Yesterday evening I listened to the latest Grant Williams and Bill Fleckenstein "End Game" podcast; their guest was Simplify Asset Management's Harley Bassman.
While I didn't necessarily agree with all of Harley's assertions, I nevertheless found him to be an exceedingly sharp, very deep thinker on markets.
The following exchange resonated with me; i.e., with my view of present Fed policy and the hazardous setup it engenders:
Bassman: They (the Fed) could still keep the front end (short-term treasury yields) low, but if you remove this certainty of sorts, you create moral hazard. If you have moral hazard, people take too much risk. So to some degree, you have to take the training wheels off and let people go figure things out for themselves. I think you can do that and still have some moral authority and thoughtful clarity. I do not think they're two different things.
Fleckenstein: I completely agree. That's kind of my underlying theme is that they don't understand the risk. When I say risk, I mean they don't understand that when you tell people what's going to happen and you take any uncertainty out of the picture, they're going to get out over their skis and take on too much leverage.
That's kind of what I mean when I say I don't think they understand risk. They don't understand moral hazard and those sorts of things. So the policies that they're doing that they think are the right thing, they don't understand the unintended consequences, and we keep coming back to the same sorts of problems.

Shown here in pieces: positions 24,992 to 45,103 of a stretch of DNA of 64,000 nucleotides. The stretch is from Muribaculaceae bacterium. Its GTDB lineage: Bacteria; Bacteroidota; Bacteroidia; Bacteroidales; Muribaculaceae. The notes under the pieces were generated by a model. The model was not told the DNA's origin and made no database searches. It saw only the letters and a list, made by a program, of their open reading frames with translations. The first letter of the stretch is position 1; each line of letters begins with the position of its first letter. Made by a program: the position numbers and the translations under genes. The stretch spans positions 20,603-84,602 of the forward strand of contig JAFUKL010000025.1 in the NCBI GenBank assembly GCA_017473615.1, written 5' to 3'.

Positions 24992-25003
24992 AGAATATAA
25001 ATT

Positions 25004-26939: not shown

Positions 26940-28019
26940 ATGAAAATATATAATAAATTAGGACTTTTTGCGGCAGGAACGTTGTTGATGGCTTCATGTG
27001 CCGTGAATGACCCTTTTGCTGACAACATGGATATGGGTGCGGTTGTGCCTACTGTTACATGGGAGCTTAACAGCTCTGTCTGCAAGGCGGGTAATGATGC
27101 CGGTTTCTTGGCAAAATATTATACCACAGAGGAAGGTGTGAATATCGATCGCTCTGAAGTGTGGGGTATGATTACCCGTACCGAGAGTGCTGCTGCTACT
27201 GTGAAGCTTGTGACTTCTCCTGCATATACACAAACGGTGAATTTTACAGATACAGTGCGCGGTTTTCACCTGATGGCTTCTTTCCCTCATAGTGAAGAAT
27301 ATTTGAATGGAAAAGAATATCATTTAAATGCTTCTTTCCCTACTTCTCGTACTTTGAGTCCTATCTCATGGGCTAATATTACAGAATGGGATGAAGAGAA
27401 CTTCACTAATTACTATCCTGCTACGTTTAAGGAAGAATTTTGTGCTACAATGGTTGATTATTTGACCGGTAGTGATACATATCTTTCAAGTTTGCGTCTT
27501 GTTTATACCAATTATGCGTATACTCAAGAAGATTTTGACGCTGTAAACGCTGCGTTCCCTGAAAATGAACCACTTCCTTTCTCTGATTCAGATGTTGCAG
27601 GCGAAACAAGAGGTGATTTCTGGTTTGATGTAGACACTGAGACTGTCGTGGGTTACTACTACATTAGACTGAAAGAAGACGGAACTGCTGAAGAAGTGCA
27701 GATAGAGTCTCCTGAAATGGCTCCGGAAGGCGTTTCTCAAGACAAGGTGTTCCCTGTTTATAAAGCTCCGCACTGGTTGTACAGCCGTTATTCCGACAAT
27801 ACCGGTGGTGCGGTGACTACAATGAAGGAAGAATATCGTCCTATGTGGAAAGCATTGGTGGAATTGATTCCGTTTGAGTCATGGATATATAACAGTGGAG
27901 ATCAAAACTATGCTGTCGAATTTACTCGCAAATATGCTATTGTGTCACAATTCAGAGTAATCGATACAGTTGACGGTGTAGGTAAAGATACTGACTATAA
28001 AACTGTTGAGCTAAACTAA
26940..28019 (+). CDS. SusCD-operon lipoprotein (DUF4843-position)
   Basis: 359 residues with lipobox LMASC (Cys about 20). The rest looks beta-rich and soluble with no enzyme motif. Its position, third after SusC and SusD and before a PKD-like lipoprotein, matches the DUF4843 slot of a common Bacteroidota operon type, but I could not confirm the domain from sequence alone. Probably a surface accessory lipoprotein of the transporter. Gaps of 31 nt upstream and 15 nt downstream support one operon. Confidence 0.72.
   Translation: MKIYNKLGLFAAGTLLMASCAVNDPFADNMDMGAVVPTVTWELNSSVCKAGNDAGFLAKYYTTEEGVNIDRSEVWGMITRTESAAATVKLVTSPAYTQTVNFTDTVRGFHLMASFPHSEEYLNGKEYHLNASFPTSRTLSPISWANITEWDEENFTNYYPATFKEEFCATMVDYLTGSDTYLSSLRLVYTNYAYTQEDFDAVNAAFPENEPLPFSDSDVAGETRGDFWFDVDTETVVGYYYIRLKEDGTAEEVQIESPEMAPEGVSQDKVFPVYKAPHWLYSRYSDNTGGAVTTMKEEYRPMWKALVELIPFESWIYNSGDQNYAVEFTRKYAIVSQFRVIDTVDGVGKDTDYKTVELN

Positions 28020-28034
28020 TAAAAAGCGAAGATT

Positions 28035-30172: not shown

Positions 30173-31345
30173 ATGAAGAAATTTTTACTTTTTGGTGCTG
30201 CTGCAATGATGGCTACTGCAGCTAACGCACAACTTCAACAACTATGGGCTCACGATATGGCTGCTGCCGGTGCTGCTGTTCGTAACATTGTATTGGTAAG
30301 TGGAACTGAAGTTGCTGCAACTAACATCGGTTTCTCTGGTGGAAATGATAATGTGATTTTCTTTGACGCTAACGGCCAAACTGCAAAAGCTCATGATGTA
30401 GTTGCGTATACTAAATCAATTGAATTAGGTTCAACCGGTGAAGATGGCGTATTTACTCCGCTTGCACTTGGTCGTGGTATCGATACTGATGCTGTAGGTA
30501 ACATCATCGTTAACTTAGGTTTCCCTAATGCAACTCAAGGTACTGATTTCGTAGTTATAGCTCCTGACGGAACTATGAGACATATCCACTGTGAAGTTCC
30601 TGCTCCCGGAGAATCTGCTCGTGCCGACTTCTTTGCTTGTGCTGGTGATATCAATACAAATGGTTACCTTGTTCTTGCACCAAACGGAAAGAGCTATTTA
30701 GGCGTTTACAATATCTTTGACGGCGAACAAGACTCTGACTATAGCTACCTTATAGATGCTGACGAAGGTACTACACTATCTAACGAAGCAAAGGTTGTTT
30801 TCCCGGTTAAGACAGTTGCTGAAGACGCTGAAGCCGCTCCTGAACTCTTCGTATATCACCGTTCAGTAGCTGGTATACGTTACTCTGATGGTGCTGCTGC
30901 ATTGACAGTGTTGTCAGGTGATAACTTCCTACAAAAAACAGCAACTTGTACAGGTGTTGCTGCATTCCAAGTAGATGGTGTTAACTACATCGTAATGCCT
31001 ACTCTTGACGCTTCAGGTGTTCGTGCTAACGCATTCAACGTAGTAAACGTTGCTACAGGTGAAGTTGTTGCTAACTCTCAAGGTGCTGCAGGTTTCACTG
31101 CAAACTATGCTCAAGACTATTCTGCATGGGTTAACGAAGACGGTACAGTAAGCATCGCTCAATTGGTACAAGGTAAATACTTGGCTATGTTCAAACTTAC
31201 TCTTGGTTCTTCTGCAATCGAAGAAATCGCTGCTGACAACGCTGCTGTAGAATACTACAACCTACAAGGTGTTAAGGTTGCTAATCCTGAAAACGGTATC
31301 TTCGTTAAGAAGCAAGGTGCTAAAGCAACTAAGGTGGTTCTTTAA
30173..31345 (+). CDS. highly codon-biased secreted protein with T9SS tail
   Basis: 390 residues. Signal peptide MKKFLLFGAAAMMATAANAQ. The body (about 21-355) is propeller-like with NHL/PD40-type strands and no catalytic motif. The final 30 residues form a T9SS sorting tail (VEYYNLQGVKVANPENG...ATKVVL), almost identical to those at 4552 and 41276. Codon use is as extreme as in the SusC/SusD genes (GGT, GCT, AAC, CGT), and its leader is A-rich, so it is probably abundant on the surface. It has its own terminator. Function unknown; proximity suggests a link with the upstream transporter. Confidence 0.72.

Bassman: Well, let's be clear, I would not say that they don't understand. I would say that they don't appreciate them or value them as much as we do.
They value current stability more than this uncertain risk in the future.
As did this one (particularly Bassman's last point):
Fleckenstein: ...what you said of them and their thumb on the scale is not really debatable. Why isn't this a big topic of conversation in bond land? There's been very few people that have made that point here. Why do you think that is?
Bassman: ...it is what it is and we can't change it. Clearly, you've tried to. You've written about it. You've spoken about it a great deal, about the Fed. You've said they don't understand risk. I'd say I think they do, but they don't care. Or they value it differently.
Fleckenstein: I think you're right.
Bassman: It's like, what are we going to do? We're not going to change their minds. So now with the situation we have, how are we going to invest, protect ourselves, try to make money, be clever... most of all, not get our hands chopped off by a surprise?
While, indeed, the Fed's utter lack of stomach for market stress makes for epic moral hazard, in our view it gives us some real clarity going forward.
As we continue to stress, the Fed simply can't support the equity market, the credit market and the dollar ad infinitum. I.e., something's got to give. And that something in our view has to be the dollar. Which makes the overall (long-term!) setup very favorable for foreign (emerging market in particular) equities, industrial materials (given the direction of fiscal policy going forward), commodities and related equities, and precious metals far into the foreseeable future.
As for the very short-term, well, like I keep saying, we feel very good about our present allocation over the next 5 years. As for the next 5 weeks, or 5 months, however, I dunno.
And, yes, we think it's critically important right here to hedge against getting "our hands chopped off by a surprise"...
For more on the short-term setup, please take a few minutes and take in today's technical market update below:
Once playing, click the icon in the lower right corner for full screen. Focus should occur after a few seconds; if not, click the wheel to the left of the YouTube icon to adjust: